I’m a long-term user of – and borderline obsessive about – the music tracking site last.fm. Since I joined in 2005, last.fm has tracked pretty much every song I have listened to on my computer, and created statistics that show me my most listened to tracks, artists and albums. A quick glance at my account betrays my almost unhealthy obsession with Tom Lehrer, along with more of my most played artists including Amy Winehouse, Regina Spektor and Ani Difranco.
As well as neatly summing up my listening habits, last.fm is a music recommendation service. The site suggests other artists I might enjoy, based on what people who enjoy similar things to me also listen to. It has personalised radio stations that I can tune into and discover new artists, while also hearing my proven, tried-and-tested favourites.
The last.fm ‘scrobbler’ download allows the service to log the songs I play and build its personalised profile of my listening habits. It is compatible with over 600 different music listening apps, and also works with services like Spotify, to make sure it gets the most accurate picture of what its users listen to.
There has always been one area where I have felt it is lacking, and that is that any music I listen to on the radio and on sites like SoundCloud and YouTube is not recorded. However, that has all changed thanks to a third-party mobile app called Scrobblr. In a blog post, Maddieman writes,
The reason it’s got me excited, is because it means you can potentially scrobble anything and everything you can hear — broadcast radio; TV; car stereo; games console; CD, Vinyl, Cassette; and services that don’t natively scrobble like soundcloud, youtube, and xbox music. The developers even claim (though we’ve had mixed results ourselves) that you can scrobble music heard out and about at pubs and clubs.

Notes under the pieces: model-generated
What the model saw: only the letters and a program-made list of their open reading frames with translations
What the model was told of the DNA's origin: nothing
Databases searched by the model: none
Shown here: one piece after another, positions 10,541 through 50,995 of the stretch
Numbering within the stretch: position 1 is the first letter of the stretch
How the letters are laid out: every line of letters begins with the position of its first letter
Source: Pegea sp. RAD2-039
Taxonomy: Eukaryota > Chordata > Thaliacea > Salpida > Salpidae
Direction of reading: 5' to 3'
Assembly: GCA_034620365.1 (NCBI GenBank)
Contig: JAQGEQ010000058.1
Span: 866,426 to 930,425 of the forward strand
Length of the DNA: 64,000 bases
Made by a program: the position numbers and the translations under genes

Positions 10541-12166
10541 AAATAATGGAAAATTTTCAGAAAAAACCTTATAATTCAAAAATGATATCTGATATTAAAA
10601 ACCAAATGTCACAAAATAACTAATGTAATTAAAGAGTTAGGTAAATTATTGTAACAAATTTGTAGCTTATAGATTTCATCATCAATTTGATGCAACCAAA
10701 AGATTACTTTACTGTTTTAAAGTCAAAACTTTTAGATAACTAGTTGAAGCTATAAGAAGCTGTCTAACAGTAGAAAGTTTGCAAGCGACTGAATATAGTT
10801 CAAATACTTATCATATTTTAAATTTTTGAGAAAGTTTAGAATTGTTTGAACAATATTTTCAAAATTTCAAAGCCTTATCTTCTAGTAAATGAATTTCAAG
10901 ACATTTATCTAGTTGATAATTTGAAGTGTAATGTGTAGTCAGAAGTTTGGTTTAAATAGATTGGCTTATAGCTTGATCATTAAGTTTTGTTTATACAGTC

For example, I’ve been using it to scrobble BBC radio while simultaneously streaming it through my phone (photo pending), and also to scrobble the radio stations that play on Grand Theft Auto V. One of the biggest complaints/requests we’ve had regarding the Last.fm Xbox app is that it doesn’t scrobble music in the background while gaming — using this app you can do just that.
Scrobblr works in a similar way to Shazam, by ‘listening to’ the tunes you play, and identifying them using a database of songs that it compares the sound profiles to. It then adds the songs it recognises to your last.fm list. It is available as a free app for both Android and iOS devices.
For a scrobbling addict like myself, Scrobblr is a brilliant step forward for last.fm. Its creators write,
Scrobblr makes use of the microphone of your Android smart phone to record music, identify and scrobble it to Last.fm. Scrobblr can be used with any source that is loud enough. Whether in the car, while traveling or at a party – Scrobblr can scrobble everything.
With this Last.fm scrobbler you can finally also scrobble radio or television stations or from vinyl and fill your Last.fm profile with the played songs.
Scrobblr is not infallible. It did not recognise this Paul Heaton album on the Guardian website for instance, and it sometimes records tracks twice, but it is a huge advance for the site nonetheless, and I would highly recommend giving it a go.
(Image credit: Kashirin Nickolai, CC licence)